character recognition

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Related to character recognition: Optical character recognition software

character recognition

[′kar·ik·tər ‚rek·ig′nish·ən]
(computer science)
The technology of using a machine to sense and encode into a machine language the characters which are originally written or printed by human beings.
McGraw-Hill Dictionary of Scientific & Technical Terms, 6E, Copyright © 2003 by The McGraw-Hill Companies, Inc.

Character recognition

The process of converting scanned images of machine-printed or handwritten text (numerals, letters, and symbols) into a computer-processable format; also known as optical character recognition (OCR). A typical OCR system contains three logical components: an image scanner, OCR software and hardware, and an output interface. The image scanner optically captures text images to be recognized. Text images are processed with OCR software and hardware. The process involves three operations: document analysis (extracting individual character images), recognizing these images (based on shape), and contextual processing (either to correct misclassifications made by the recognition algorithm or to limit recognition choices). The output interface is responsible for communication of OCR system results to the outside world.

Commercial OCR systems can largely be grouped into two categories: task-specific readers and general-purpose page readers. A task-specific reader handles only specific document types. Some of the most common task-specific readers read bank checks, letter mail, or credit-card slips. These readers usually utilize custom-made image-lift hardware that captures only a few predefined document regions. For example, a bank-check reader may scan just the courtesy-amount field (where the amount of the check is written numerically) and a postal OCR system may scan just the address block on a mail piece. Such systems emphasize high throughput rates and low error rates. Applications such as letter-mail reading have throughput rates of 12 letters per second with error rates less than 2%. The character recognizer in many task-specific readers is able to recognize both handwritten and machine-printed text.

General-purpose page readers are designed to handle a broader range of documents such as business letters, technical writings, and newspapers. These systems capture an image of a document page and separate the page into text regions and nontext regions. Nontext regions such as graphics and line drawings are often saved separately from the text and associated recognition results. Text regions are segmented into lines, words, and characters, and the characters are passed to the recognizer. Recognition results are output in a format that can be postprocessed by application software. Most of these page readers can read machine-written text, but only a few can read hand-printed alphanumerics. See Computer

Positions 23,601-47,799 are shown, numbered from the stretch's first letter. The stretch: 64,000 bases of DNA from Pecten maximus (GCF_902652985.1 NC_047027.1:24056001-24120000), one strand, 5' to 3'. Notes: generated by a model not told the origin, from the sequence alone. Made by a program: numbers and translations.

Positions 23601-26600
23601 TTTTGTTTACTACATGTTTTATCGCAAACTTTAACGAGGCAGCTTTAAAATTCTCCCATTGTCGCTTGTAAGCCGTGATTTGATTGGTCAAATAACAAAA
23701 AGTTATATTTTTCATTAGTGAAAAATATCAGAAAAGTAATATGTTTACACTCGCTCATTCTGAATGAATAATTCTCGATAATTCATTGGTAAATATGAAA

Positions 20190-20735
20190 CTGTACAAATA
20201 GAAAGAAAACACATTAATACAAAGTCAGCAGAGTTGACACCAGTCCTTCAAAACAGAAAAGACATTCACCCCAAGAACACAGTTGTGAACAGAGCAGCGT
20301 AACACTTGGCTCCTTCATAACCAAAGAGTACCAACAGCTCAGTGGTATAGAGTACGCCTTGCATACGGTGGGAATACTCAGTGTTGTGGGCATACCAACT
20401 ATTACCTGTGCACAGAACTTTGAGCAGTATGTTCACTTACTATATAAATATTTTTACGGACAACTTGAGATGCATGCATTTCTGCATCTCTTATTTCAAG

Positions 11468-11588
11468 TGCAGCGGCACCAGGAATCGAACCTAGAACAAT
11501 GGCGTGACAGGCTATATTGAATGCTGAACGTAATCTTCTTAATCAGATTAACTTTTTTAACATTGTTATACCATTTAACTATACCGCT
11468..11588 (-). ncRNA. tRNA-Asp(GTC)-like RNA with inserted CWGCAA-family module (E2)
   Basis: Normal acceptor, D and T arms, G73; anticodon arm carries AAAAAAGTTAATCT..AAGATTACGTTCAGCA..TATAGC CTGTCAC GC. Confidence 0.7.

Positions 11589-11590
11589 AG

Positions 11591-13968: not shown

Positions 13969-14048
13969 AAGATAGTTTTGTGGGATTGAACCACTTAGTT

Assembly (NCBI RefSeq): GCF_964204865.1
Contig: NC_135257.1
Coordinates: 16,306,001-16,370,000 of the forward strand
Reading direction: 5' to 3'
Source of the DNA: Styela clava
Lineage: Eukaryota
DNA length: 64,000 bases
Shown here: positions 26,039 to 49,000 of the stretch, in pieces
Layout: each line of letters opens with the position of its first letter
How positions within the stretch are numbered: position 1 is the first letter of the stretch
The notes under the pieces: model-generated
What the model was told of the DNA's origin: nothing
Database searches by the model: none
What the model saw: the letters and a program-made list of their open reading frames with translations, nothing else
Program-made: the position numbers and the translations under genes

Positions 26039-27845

McGraw-Hill Concise Encyclopedia of Engineering. © 2002 by The McGraw-Hill Companies, Inc.

character recognition

The ability of a machine to recognize printed text. See OCR and MICR.
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References in periodicals archive ?
The "Global Optical Character Recognition Market (2019-2025)" report has been added to's offering.
The LPR pipeline assumes that camera-fed input images are valid for LP and character recognition (i.e., an LP in input images, if any, is at least 60 x 30 pixels).
Handwritten character recognition is more challenging compared with the printed forms of character due to the following reasons: (1) Handwritten characters written by different writers are not only nonidentical but also vary in different aspects such as size and shape; (2) numerous variations in writing styles of individual character make the recognition task difficult; (3) the similarities of different character in shapes, the overlaps, and the interconnections of the neighbouring characters further complicate the character recognition problem.
In summary, a robust character recognition algorithm based on an efficient feature extraction method further needs to be proposed to improve license plate recognition.
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Character recognition depends on template matching.
Additionally, a string of 20 random characters will be added on the magnetic ink character recognition (MICR) band of the cheque leaf using non-MICR ink.
Additionally, a string of 20 random characters will be added on the MICR (Magnetic ink character recognition) band of the cheque leaf using non-MICR ink.
Optical Character Recognition (OCR) is a field of research in pattern recognition, artificial intelligence and computer vision.
The technology uses optical character recognition on images to read vehicle registration plates so that officers can check on the spot if a vehicle is registered or licensed.
The AI is said to have visual search capabilities to analyze the images, identify objects and perform optical character recognition on visible text.